- Medical products; coal; petroleum (but only marginally).
Consider Case No.
1: the U.S.-China relationship. Ten years ago, as the financial crisis exploded after the Lehman collapse, the U.S.-China relationship was a bulwark of stability. Despite an overture from Russia to dump billions of dollars in Fannie Mae and Freddie Mac bonds, Beijing largely held on to them and to its vast holdings in U.S. Treasurys. It was one of many moves by the international system—including crucial coordination between Bernanke and the European Central Bank, as documented in Adam Tooze’s new book, Crashed—that prevented the Great Recession from becoming another Great Depression.
Six Reasons Why the Depression Could Reoccur
Stock market crashes can cause depressions by wiping out investor’s life savings. If people have borrowed money to invest, then they will be forced to sell all they have to pay back the loans. Derivatives make any crash even worse through this leveraging. Crashes also make it difficult for companies to raise the needed funds to grow. Finally, a stock market crash can destroy the confidence required to get the economy going again.
Lower housing prices and resultant foreclosures totaled at least $1 trillion in losses to banks, hedge funds, and other owners of subprime mortgages on the secondary market. Banks continue to hoard cash even though housing prices have increased. They are still digesting the losses from one million foreclosures.
Business credit is needed for businesses so they can continue to run on a daily basis. Without credit, small businesses can’t grow, stifling the 65 percent of all new jobs that they provide.
Bank near-failures frightened depositors into taking out their cash. Although the Federal Deposit Insurance Corporation insures these deposits, some became concerned that this agency would also run out of money. Commercial banks depend on consumer deposits to fund their day-to-day business, as well as make loans.
High oil prices could return once U.S. shale producers are forced out of business. Millions of jobs were lost when oil prices plummeted. At the same time, many consumers bought new cars and SUVs when gas prices were low. They will be pinched when prices rise again.
Deflation is an even bigger threat. One reason the Fed doesn’t want to raise rates is that inflation has yet to reach its goal of 2 percent annual price increase. Low oil and gas prices have had a deflationary impact. So has a 25 percent increase in the U.S. dollar. That depresses import prices. These deflationary pressures seem like a boon to consumers. But they make it difficult for businesses to raise wages. The result could be a downward spiral. That’s similar to what happened during the Great Depression.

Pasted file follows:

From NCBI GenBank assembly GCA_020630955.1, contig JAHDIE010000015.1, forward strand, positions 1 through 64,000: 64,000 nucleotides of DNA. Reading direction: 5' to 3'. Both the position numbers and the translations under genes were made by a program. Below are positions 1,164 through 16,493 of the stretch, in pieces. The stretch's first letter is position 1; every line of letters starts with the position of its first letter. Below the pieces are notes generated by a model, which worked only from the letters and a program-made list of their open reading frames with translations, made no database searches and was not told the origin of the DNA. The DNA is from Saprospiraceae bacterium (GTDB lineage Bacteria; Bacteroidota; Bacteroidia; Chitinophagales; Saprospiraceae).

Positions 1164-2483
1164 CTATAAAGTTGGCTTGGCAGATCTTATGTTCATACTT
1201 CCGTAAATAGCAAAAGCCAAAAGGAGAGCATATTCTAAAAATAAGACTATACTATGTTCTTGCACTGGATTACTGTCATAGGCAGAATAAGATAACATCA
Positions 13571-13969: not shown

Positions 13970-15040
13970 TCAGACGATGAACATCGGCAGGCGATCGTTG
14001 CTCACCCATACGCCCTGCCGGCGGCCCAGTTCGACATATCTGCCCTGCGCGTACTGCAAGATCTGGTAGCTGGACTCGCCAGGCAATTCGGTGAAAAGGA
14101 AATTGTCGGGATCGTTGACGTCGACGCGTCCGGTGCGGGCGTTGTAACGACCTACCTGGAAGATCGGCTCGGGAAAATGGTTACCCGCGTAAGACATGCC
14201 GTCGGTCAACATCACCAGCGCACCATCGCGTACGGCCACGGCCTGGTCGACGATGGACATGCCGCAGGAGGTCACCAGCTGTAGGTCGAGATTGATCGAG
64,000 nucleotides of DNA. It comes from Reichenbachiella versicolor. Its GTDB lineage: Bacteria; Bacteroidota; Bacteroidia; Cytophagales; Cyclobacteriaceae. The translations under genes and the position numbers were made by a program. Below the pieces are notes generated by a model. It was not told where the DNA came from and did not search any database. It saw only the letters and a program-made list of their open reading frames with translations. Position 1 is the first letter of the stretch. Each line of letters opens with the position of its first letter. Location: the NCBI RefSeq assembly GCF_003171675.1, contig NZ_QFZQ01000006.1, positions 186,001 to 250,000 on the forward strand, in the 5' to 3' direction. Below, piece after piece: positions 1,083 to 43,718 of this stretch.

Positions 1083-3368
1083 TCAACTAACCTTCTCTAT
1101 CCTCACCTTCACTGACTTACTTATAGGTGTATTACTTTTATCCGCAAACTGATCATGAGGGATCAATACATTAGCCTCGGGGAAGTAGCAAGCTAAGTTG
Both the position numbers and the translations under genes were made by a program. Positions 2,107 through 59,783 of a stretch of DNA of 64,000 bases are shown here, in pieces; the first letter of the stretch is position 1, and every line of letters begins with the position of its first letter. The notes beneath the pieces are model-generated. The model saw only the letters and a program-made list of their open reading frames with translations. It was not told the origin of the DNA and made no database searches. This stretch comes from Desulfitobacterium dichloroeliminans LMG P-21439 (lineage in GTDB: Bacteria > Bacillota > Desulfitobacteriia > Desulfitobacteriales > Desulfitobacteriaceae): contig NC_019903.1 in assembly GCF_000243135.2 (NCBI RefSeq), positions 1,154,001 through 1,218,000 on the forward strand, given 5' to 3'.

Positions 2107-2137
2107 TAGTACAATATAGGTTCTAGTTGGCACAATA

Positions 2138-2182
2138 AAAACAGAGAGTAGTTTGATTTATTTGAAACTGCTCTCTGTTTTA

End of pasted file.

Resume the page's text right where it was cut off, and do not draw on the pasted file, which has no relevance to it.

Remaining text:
Preparing for the Depression
Have an emergency food kit
An emergency food kit kit might sound a little over-the-top. They are kind of pricy, after all. But really, anyone could be in a situation where they need food, but they’re trapped at home. The east coast gets hurricanes and crazy snowstorms. Currently, a massive snowstorm with frigid temperatures has settled over the east coast. I would not want to leave the house, if I were there! An emergency food supply could definitely come in handy. And if a natural disaster doesn’t strike, you’d have some meals if the grocery budget gets extremely small.
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8. Learn a skill
During the last recession, architecture took a huge hit. People weren’t asking for buildings to be built during a time of less. If your family relies on an income from a non-necessary skill, then you might want to learn a trade that could always be useful. For example, if you do know how to sew but not many other people do, you can help others and help support your family with your sewing skills. My super handy husband could work as a handyman. What skills do you have now, or could you learn, that would help you in the event of an economic downfall?
9. Get resourceful
When we live in a season of plenty, it’s easy to forget that we can get creative with what we have. During the Great Depression, people often replaced the worn soles of their shoes with rubber from tires. I’d love to see the DIY blog post for that! You don’t have to hang onto every plastic baggie you’ve ever bought (which is what my depression-survivor grandparents did), but learning how to reuse or repurpose everyday items can help you spend less now and be prepared for the future. Also, part of resourcefulness is buying quality products that last longer rather than throwing out something cheap in a few months.
10. Invest your money
With all the money you’ll be saving by gardening, making things from scratch, and living mortgage free (I dream big!) you have some room to invest. Investing instead of just saving money is a better way to prepare for an economic downturn because the value of a dollar will decrease in the future.